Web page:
After all The Greens have been on about the need for a Federal anti-corruption commission for years, so too a whole raft of organisations and individuals who don't buy the idea that the government and all its constituent parts and players are unique in the long history of humankind.
So while the commission or some other much needed response that tightens things up at the federal level may still be far off in the distance, yesterday some stirring.
On the motion of Senators Wang and Madison the Senate took two minutes to vote to establish "the Select Committee relating to the establishment of a National Integrity Commission" to report to the Senate by September 2016 with these terms of reference.
Labor, The Greens and cross bench senators voted for.
None spoke, if you discount a minor intervention by Greens Senator Siewert.
But the vote is a welcome confirmation of Labor's current interest, having passed up on the opportunity to act when they were in office and darting and weaving on the subject since.
Government party senators voted against. One, Senator Scott Ryan, Minister for Vocational Skills and Training had one minute for the stock standard government line:
The government has a zero tolerance approach to corruption and is committed to stamping out corruption in all its forms. We have a multifaceted approach to combating corruption. We are always looking at how we can strengthen that, rather than throwing the whole system out based on the presumption that a national anticorruption commission will be more effective. The Australian Commission for Law Enforcement Integrity is responsible for preventing, detecting and investigating serious issues of corruption in federal law enforcement agencies. Furthermore, the Commonwealth Ombudsman performs an important function in investigating and auditing various agencies and functions. The Australian Federal Police also play a fundamental role in investigating serious corruption issues. The government will continue to take a strong approach to tackling corruption in all forms.
|DIVISION:AYES 37 (10 majority) NOES 27 PAIRS 6|
Earlier in the day more voices were heard in debate on a Greens urgency motion:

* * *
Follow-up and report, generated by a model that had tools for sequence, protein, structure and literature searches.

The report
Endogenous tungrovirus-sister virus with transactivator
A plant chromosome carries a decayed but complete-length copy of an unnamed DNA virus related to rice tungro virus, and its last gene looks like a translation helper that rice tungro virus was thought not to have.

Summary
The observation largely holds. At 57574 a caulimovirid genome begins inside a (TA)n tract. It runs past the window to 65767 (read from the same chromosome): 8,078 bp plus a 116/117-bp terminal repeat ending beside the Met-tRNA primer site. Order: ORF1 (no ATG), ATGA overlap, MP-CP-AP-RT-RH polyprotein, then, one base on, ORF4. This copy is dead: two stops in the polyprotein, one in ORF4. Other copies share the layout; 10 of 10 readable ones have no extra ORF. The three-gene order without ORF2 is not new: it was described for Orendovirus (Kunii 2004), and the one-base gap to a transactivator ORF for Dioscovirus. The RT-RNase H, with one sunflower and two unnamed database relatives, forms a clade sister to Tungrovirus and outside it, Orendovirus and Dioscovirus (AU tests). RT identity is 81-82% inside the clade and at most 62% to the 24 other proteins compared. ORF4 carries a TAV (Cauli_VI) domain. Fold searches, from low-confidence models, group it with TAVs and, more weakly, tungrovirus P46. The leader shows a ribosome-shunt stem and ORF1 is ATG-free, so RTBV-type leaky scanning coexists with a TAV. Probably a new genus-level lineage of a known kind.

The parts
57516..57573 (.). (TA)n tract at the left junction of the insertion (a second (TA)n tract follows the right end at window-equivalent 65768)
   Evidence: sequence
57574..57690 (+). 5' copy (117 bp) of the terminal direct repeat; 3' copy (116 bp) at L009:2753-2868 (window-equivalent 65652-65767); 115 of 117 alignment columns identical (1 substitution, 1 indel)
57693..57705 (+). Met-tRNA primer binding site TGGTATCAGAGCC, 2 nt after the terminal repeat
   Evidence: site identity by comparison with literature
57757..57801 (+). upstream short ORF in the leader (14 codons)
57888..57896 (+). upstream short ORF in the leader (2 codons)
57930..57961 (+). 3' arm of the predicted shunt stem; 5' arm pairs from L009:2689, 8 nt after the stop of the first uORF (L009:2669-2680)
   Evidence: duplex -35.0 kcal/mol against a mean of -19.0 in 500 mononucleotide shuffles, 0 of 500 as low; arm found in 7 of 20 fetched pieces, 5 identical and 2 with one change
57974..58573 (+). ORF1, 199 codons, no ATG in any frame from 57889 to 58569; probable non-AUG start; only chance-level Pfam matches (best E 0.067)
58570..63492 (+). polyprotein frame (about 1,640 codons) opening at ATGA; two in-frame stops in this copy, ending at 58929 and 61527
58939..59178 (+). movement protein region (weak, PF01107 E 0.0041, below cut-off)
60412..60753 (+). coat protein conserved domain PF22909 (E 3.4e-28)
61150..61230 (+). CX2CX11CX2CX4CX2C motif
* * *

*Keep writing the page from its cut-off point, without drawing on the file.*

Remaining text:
"The need for immediate action on political donations reform, to address the corrupting influence of political donations, including from property developers and fossil fuel companies."Debate here and there strayed into broader anti-corruption issues and took an hour.
The motion passed without a vote so Senator Seiwert may get a spot higher on the agenda sometime for the substantive issue.
No surprise that Greens senators and crossbenchers Leyonhjelm, Madigan and Lambie are up for action on this front. Senator Rhiannon outlined how the system is broke but Government senators clearly think things are pretty rosy.
Labor is committed to significant change but some of its speakers seemed glad to change the subject.
Senator Lambie told the Senate of a close encounter with the PM, looking deeply in his eyes, listening to his low deep voice saying....
'there's no corruption in federal politics.'
Last year's Roy Morgan Survey of Professions saw 13% rate Federal politicians highly on ethics and honesty."I recently met the Prime Minister and when I raised the issue of establishing a federal commission against corruption, a federal ICAC, he dismissed the idea by trying to tell me that a federal ICAC was not warranted because there were not many opportunities in federal politics, compared with state politics, for corruption to occur. I almost believed that nice story from our PM—and I mean who wouldn't? As I looked deeply in the PM's eyes, he said with that low deep voice with that nice smile repeat after me : 'There's no corruption in federal politics—only in state politics. There's no corruption in federal politics—only in state politics. I was left with that fuzzywuzzy feeling of hope for a few days after my meeting with the PM that 'there's no corruption in federal politics— only in state politics.'And then—what do you know?—Veterans Affairs Minister Stuart Roberts was forced to resign; we found out about the rich Chinese businessman having drinks with Liberal Party members and the $10,000 watches that were given out as gifts.The same sort of thing happened after I wrote to former Liberal PM Abbott asking him effectively whether any people associated with the Liberal Party and mentioned in the Heydon Royal Commission secret reports were corrupt. And PM Tony Abbott wrote back to me, essentially saying that no-one in the Liberal Party was corrupt; and then seven days later we found out the Liberal Party President in Victoria had defrauded their members to the tune of about $1.5 million.